Written By: Franz Niederholzer, UCCE Farm Advisor, Colusa/Sutter/Yuba Counties
Despite strong nut pricing, the drought is making 2014 a very tough year for growers, their trees, and in many cases, their irrigation systems. Low quality irrigation water, potentially stressing trees and irrigation systems, was/is applied to many orchards this year that normally received higher quality water. Irrigation system maintenance, especially cleaning drip lines to ensure uniform and adequate water flow, should be high on the do-to list this fall. The following is a quick review of key practices to keep drip emitters from clogging. For more complete information, see the sources listed at the end of the post.
In a drip irrigated orchard, keep emitters free of organic or chemical clogging by continually or periodically acidifying and/or chlorinating irrigation water. Organic clogging is more of an issue with surface water, chemical clogging is more common with ground water.
Surface water, including well water stored in a reservoir or pond, has a severe clogging potential if it carries a high organic load of algae, moss, and/or bacterial slimes. Chlorination, using chlorine gas, sodium hypochlorite (bleach), or calcium hypochlorite, can keep emitters clean either via a continual or periodic injection into irrigation water. [Super chlorination, a rescue treatment for clogged systems is risky for plants and irrigation systems and not covered here.] Inject the chlorination material upstream from the system filters, so that any precipitate can be filtered out and not be an additional plugging problem.
Hypochlorous acid is the active biocide generated when chlorine or hypochlorite is mixed with water. Hypochlorous acid activity is maximized at pH 4 to 6.5 and drops off rapidly above pH 7. So, for best results, irrigation water should be pH at 6.5 or slightly lower when chlorinating a system. Depending on the biocide source – chlorine gas or hypochlorite – you may have to acidify the irrigation water. Irrigation water is naturally acidified when chlorine gas is injected, but adding bleach to water increases pH and so an acidifier must be added, separately, to lower water pH into the range where cleaning activity is highest.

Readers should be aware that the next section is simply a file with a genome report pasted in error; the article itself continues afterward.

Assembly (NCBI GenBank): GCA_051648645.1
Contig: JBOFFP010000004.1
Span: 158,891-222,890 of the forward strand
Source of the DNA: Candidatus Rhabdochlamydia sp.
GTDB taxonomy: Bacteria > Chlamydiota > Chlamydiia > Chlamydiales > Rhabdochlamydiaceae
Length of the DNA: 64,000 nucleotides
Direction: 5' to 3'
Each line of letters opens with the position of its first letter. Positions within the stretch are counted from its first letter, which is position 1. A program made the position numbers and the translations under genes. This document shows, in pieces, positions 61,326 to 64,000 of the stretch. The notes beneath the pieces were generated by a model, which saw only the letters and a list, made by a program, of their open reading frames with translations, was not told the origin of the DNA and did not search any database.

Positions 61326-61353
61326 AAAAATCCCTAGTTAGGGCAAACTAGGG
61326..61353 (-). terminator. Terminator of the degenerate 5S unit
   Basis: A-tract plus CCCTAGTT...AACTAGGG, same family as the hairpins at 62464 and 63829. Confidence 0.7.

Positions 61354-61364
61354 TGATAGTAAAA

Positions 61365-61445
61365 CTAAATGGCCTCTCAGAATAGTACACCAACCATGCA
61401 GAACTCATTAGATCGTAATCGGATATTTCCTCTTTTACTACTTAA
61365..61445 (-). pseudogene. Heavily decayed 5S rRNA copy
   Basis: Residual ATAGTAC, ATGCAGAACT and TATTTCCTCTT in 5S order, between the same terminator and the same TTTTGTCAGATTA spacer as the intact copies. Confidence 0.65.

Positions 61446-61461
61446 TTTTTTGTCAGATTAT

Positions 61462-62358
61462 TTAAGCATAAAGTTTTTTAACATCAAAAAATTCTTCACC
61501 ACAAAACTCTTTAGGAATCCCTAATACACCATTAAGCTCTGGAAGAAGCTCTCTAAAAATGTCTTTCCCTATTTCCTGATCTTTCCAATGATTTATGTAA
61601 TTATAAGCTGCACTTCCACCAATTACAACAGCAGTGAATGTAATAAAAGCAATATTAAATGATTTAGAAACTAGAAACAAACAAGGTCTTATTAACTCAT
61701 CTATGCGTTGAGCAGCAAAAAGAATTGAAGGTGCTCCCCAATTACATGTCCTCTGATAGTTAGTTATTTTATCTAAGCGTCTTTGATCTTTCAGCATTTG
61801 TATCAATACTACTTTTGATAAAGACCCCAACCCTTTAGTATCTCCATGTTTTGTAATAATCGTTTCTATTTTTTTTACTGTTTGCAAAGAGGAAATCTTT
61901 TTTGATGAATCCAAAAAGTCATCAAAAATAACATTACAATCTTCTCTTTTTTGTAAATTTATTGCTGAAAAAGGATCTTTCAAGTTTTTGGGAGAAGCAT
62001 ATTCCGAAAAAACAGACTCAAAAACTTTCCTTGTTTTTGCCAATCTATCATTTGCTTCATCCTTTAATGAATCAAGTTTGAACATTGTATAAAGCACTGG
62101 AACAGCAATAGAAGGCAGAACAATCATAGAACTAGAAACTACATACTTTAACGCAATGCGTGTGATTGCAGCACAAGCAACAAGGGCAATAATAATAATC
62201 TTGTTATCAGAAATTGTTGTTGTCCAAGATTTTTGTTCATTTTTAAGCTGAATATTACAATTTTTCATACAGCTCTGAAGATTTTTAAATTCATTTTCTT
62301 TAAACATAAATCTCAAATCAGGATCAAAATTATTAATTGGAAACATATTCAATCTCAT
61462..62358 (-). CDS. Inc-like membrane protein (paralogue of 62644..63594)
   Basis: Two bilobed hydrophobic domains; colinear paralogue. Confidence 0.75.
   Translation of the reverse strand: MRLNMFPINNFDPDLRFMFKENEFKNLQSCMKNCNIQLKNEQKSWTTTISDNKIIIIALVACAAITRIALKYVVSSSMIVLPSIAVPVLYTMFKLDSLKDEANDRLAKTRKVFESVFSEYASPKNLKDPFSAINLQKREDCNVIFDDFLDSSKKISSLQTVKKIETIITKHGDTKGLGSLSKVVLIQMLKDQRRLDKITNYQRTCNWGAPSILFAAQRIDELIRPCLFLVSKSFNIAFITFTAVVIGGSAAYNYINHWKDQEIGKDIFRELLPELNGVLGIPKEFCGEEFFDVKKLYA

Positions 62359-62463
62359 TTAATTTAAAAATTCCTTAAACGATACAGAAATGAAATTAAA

Well water with a pH above 7.5 and/or 2 meq/l bicarbonate (same as 120 ppm bicarbonate) is at risk of calcium carbonate (chalk) precipitation and chemical clogging of emitters. Injecting materials that increase irrigation water pH (aqua ammonia, bleach, etc.) or calcium containing fertilizers or amendments can also increase risk of calcium carbonate precipitation in the irrigation system. Continuous or periodic injection of acidifying materials can dissolve calcium carbonate present and prevent further precipitation. Target irrigation water pH for continuous injection is 5-7 pH, while periodic acidification target is pH 4 in the irrigation system for 30-60 minutes, minimum.
How do you know how much acid to add per minute to the irrigation water in your system? Have a lab generate a titration curve for the water from each well you use or do it yourself by trial and error in each orchard – add acid at a specific rate and then checking the pH in the system with pool test kit, litmus paper or hand-held pH meter. Then, if needed, adjust the acid injection rate and recheck pH. Repeat until the target pH is reached.
For more complete information on this key subject;
- Buy a copy of “Maintaining Microirrigation Systems” (UC ANR publication No. 21637) Order it on-line at http://anrcatalog.ucdavis.edu/Details.aspx?itemNo=21637.
- View free, on-line material from UC at: http://micromaintain.ucanr.edu/.